To achieve this reduction, suppose that a given value $C$ obeys the inequality for such $P$.
For $P$ general,
divide the interval $[0,1]$ into subintervals $I_1,\dots,I_k$ at the roots of $P$.
Write $\ell(I_i)$ for the length of the interval $I_i$; since each interval is bounded by a root of $P$, we may make a linear change of variable to see that
\[
\int_{I_i} |P(x)|\,dx \leq C \ell(I_i) \max_{x \in I_i} |P(x)| \quad (i=1,\dots,k).
\]
Summing over $i$ yields the desired inequality.
Suppose now that $P$ takes nonnegative values on $[0,1]$, $P(0) = 0$, and $\max_{x \in [0,1]} P(x) = 1$. Write $P(x) = ax^3 + bx^2 + cx$ for some $a,b,c \in \RR$; then
\begin{align*}
\int_0^1 P(x)\,dx &= \frac{1}{4} a + \frac{1}{3} b + \frac{1}{2} c \\
&= \frac{2}{3} \left( \frac{1}{8} a + \frac{1}{4} b + \frac{1}{2} c \right)
+ \frac{1}{6} (a+b+c) \\
&= \frac{2}{3} P\left( \frac{1}{2} \right) + \frac{1}{6} P(1) \\
&\leq \frac{2}{3} + \frac{1}{6} = \frac{5}{6}.
\end{align*}
Consequently, the originally claimed inequality holds with $C = 5/6$. To prove that this value is best possible, it suffices to exhibit a polynomial $P$ as above with $\int_0^1 P(x)\,dx = 5/6$; we will verify that
\[
P(x) = 4x^3 - 8x^2 + 5x
\]
has this property. It is apparent that $\int_0^1 P(x)\, dx =5/6$.
Since $P'(x) = (2x-1)(6x-5)$ and
\[
P(0) = 0, \,P\left( \frac{1}{2} \right) = 1, \,
P\left( \frac{5}{6} \right) = \frac{25}{27}, P(1) = 1,
\]
it follows that $P$ increases from 0 at $x=0$ to 1 at $x=1/2$, then decreases to a positive value at $x=5/6$, then increases to 1 at $x=1$. Hence $P$ has the desired form.
\noindent
\textbf{Remark:}
Here is some conceptual motivation for the preceding solution.
Let $V$ be the set of polynomials of degree at most 3 vanishing at 0, viewed as a three-dimensional vector space over $\RR$.
Let $S$ be the subset of $V$ consisting of those polynomials $P(x)$ for which
$0 \leq P(x) \leq 1$ for all $x \in [0,1]$; this set is convex and compact. We may then compute the minimal $C$ as the maximum value of $\int_0^1 P(x)\,dx$ over all $P \in S$, provided that the maximum is achieved for some polynomial of degree exactly 3. (Note that any extremal polynomial must satisfy
$\max_{x \in [0,1]} P(x) = 1$, as otherwise we could multiply it by some constant $c>1$ so as to increase $\int_0^1 P(x)\,dx$.)
Let $f: V \to \RR$ be the function taking $P(x)$ to $\int_0^1 P(x)\,dx$. This function is linear, so we can characterize its extrema on $S$ easily: there exist exactly two level surfaces for $f$ which are supporting planes for $S$, and the intersections of these two planes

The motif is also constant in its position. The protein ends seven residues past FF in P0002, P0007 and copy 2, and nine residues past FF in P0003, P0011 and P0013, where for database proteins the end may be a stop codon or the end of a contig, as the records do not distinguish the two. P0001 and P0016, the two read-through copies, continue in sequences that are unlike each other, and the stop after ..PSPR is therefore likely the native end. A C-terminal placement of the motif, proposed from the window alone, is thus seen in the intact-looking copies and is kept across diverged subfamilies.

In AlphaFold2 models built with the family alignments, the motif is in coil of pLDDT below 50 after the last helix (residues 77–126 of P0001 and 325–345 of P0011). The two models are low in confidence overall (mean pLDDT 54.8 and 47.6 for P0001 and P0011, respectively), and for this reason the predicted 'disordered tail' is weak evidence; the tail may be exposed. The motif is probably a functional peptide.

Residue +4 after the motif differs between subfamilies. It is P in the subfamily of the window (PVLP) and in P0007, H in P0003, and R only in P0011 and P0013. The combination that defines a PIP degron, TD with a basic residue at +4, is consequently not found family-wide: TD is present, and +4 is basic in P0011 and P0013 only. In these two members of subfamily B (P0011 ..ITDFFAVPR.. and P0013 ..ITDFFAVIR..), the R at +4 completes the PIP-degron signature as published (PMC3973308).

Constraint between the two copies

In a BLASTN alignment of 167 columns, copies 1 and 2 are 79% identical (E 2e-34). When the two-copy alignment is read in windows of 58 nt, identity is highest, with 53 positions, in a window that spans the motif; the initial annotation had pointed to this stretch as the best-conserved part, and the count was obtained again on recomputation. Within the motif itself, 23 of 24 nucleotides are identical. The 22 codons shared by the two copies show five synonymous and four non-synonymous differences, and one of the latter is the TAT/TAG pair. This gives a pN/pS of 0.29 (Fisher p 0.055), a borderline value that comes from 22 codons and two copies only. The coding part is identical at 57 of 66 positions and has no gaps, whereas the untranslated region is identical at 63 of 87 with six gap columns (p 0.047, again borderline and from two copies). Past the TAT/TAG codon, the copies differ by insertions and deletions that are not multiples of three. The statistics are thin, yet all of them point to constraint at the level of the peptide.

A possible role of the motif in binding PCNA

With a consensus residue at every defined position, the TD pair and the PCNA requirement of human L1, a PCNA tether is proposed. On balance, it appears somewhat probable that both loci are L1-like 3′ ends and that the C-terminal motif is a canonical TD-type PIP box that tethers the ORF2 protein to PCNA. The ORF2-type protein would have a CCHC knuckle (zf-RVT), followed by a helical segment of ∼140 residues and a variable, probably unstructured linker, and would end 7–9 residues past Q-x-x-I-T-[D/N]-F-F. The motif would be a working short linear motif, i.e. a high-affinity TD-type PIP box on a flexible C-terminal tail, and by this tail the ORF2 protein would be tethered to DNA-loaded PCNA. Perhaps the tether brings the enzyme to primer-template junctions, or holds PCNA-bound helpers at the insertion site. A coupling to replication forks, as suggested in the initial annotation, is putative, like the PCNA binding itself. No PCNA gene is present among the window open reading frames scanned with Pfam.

with $S$ are the minima and the maxima. It is obvious that the unique minimum is achieved by the zero polynomial, so this accounts for one of the planes.
It thus suffices to exhibit a single polynomial $P(x) \in S$ such that the level plane of $f$ through $P$ is a supporting plane for $S$.
The calculation made in the solution amounts to verifying that
\[
P(x) = 4x^3 - 8x^2 + 5x
\]
has this property, by interpolating between the constraints $P(1/2) \leq 1$ and $P(1) \leq 1$.
This still leaves the matter of correctly guessing the optimal polynomial. If one supposes that it should be extremized both at $x=1$ and at an interval value of the disc, it is forced to have the form $P(x) = 1 + (x-1)(cx-1)^2$ for some $c>0$; the interpolation property then pins down $c$ uniquely.
\noindent
\textbf{Second solution:}
(by James Merryfield, via AoPS)
As in the first solution, we may assume that $P$ is nonnegative on $[0,1]$ and $P(0)= 0$.
Since $P$ has degree at most 3, Simpson's rule for approximating $\int_0^1 P(x)\,dx$ is an exact formula:
\[
\int_0^1 P(x)\,dx = \frac{1}{6}( P(0) + 4 P\left( \frac{1}{2} \right) + P(1)).
\]
This immediately yields the claimed inequality for $C = 5/6$. Again as in the first solution,
we obtain an example showing that this value is best possible.
\item[B1]
Note that the function $e^x - x$ is strictly increasing for $x>0$ (because its derivative is $e^x - 1$, which is positive because $e^x$ is strictly increasing), and its value at 0 is 1.
By induction on $n$, we see that $x_n > 0$ for all $n$.
By exponentiating the equation defining $x_{n+1}$, we obtain the expression
\[
x_n = e^{x_n} - e^{x_{n+1}}.
\]
We use this equation repeatedly to acquire increasingly precise information about the sequence $\{x_n\}$.
\begin{itemize}
\item
Since $x_n > 0$, we have $e^{x_n} > e^{x_{n+1}}$, so $x_n > x_{n+1}$.
\item
Since the sequence $\{x_n\}$ is decreasing and bounded below by 0, it converges to some limit $L$.
\item
Taking limits in the equation yields $L = e^L - e^L$, whence $L = 0$.
\item
Since $L = 0$, the sequence $\{e^{x_n}\}$ converges to 1.
\end{itemize}
We now have a telescoping sum:
\begin{align*}
x_0 + \cdots + x_n &= (e^{x_0} - e^{x_1}) + \cdots + (e^{x_n} - e^{x_{n+1}}) \\
&=e^{x_0} - e^{x_{n+1}} = e - e^{x_{n+1}}.
\end{align*}
By taking limits, we see that the sum $x_0 + x_1 + \cdots$ converges to the value
$e-1$.
\item[B2]
We prove that the limit exists for $\alpha = \frac{3}{4}$, $\beta =\frac{4}{3}$.